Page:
Sound vs. Meaning

The other day a friend of mine confessed that to him spoken French has no meaning. He finds French mastery a hopeless endeavor and has no ambition whatsoever to continue studying the language. I know what he means. Compared to Italian, which can be broken down into smaller chunks for digestion, the French melody of seamless sound represents a challenge—where does one word end, and a new one begin?

Still, I chose to pursue the language of love. For years I’ve listened to French radio in my car in the vain hope that eventually the melodic flow would begin to reveal meaning. I bought a few audio courses and visited France a handful of times. But my ability to communicate has been limited to uttering simple phrases that, luckily, sometimes resulted in the transference of ownership of a bottle of water or perhaps a crêpe.

sheet musicPersistence turned out to be the key. As years went by, something began to happen. I sensed microscopic pauses within the sound, and here and there meaningful words became discernible. Not that I can say I understood—far from it. But this experience kindled a flame of hope in me that one day I’d be able to get past the sound barrier and climb the francophone wall. I sensed it could be compared to learning to appreciate a polyphonic piece of music—repeated listening will reveal more of the composer’s intention, and the enjoyment transforms as the musical landscape widens.

This experience gave birth to Petter’s Law, which dictates that observation of sound and comprehension of meaning cannot occur at the same time. Either you hear the sound—or you get its meaning.

Alas, listening to French radio continued to be more sound than meaning to me. I needed  stronger means to bridge the language gap. I therefore chose to buy yellow-boxed language software. Compared to my previous approach this felt like being on steroids. I am now in the final stage of Rosetta Stone French Level 5. The outcome? The sound of French has practically ceased to be. Now there is meaning.

I just came back from a visit to where Polish is spoken. Now there’s a language of complex sounds. Imagine if the yellow box of magic plus persistent practice could transform Polish sound, paving the way for meaning? I know from experience that that sort of dramatic change can happen. It’s all up to me.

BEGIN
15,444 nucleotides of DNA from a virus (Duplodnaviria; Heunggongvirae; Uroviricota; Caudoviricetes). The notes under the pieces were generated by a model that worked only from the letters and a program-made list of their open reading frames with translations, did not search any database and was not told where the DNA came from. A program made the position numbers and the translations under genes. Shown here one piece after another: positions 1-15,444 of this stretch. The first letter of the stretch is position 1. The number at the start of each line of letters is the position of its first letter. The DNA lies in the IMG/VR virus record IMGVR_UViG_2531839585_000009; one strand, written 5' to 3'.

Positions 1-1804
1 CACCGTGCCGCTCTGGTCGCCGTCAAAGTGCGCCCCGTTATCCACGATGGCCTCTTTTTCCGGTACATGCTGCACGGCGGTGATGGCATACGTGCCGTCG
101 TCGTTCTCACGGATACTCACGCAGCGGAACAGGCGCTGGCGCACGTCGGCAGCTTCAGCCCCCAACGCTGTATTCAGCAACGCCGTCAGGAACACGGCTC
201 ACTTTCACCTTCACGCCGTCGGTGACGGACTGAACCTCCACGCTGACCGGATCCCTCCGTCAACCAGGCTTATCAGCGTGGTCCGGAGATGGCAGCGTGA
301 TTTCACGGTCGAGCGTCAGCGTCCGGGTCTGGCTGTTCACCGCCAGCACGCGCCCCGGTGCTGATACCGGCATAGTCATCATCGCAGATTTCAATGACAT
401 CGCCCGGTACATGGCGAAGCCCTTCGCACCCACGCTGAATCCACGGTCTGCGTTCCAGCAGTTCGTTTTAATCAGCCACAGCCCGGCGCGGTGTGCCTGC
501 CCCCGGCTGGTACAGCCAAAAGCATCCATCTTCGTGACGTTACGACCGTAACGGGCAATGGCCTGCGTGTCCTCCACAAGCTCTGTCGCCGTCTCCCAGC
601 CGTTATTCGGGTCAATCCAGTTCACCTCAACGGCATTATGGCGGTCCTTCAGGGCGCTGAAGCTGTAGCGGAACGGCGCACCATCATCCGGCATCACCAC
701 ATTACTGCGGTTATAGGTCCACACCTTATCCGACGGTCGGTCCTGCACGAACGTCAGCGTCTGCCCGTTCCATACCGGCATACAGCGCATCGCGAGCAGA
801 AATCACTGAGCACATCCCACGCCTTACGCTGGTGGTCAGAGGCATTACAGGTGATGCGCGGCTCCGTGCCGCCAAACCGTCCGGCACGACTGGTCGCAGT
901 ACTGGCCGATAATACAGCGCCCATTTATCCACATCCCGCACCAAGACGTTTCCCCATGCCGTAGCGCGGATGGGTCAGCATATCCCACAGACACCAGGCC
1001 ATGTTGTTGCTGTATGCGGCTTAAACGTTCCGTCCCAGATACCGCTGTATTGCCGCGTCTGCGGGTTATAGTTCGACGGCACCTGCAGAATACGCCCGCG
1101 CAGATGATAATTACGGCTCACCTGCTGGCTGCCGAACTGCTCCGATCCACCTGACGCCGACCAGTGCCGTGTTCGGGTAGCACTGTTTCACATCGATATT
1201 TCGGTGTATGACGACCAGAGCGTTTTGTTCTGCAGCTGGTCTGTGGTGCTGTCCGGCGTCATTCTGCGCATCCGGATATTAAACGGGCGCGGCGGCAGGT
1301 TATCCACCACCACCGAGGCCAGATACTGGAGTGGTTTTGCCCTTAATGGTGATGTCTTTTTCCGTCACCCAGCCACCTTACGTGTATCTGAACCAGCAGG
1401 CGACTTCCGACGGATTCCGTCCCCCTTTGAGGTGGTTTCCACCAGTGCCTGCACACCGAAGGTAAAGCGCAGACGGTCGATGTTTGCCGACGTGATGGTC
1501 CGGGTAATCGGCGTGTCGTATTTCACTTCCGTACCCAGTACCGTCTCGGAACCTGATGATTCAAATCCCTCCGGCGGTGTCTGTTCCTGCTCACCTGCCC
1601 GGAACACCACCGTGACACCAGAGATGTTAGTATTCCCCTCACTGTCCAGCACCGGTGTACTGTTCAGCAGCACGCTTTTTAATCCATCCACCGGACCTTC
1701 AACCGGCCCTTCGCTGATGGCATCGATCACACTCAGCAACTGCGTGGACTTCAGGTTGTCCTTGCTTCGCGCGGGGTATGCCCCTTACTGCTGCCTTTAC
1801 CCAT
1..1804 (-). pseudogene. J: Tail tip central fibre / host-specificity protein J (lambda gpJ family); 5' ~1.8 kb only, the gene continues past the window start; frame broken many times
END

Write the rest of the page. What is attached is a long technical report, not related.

Find more posts about:

Petter Amundsen

Petter Amundsen, living in Oslo, Norway, is a church organist come treasure hunter. Around Christmas 2009 almost ten percent of Norwegian television viewers followed his quest for the Rosicrucian Treasure Island as shown in a four-hour mini series. It was Petter’s interest in languages that put him on the right track. One of the oldest tricks of secret writing is substituting Greek characters for Latin letters, so that f.i. H becomes E (eta), and this knowledge helped him establish what he believes is a genuine treasure map. Petter has become a language-learning addict since experiencing the power of knowledge that most people don’t care to harness. His only regret is that he is in his late forties, which means that his brain is slower to absorb new words and grammar. Nevertheless he finds comfort in that the alternative to learning is less desirable. Working as a church organist means attending funerals several days each week, something that on a day to day basis inspires him to cherish every minute above ground. In the winter, this means skiing–Petter is a certified ski instructor and works at the famous skiing-cradle Holmenkollen, where the church in which he works is located . In February 2011 the Nordic World Championships will be held at Holmenkollen, and Petter will have his hands full giving post-competition concerts every day during the championships. This will also mean great opportunity for him to practice communicating in different languages. For the time being he studies three languages using Rosetta Stone Level 1-5: French, Italian and Spanish (Spain). Petter also knows some Latin (completed Cambridge Latin Course I-V) and German (studied for two years in school), and of course, English. His ambition is to be moderately fluent in the major European languages. Dutch and Polish are also on his list.
blog comments powered by Disqus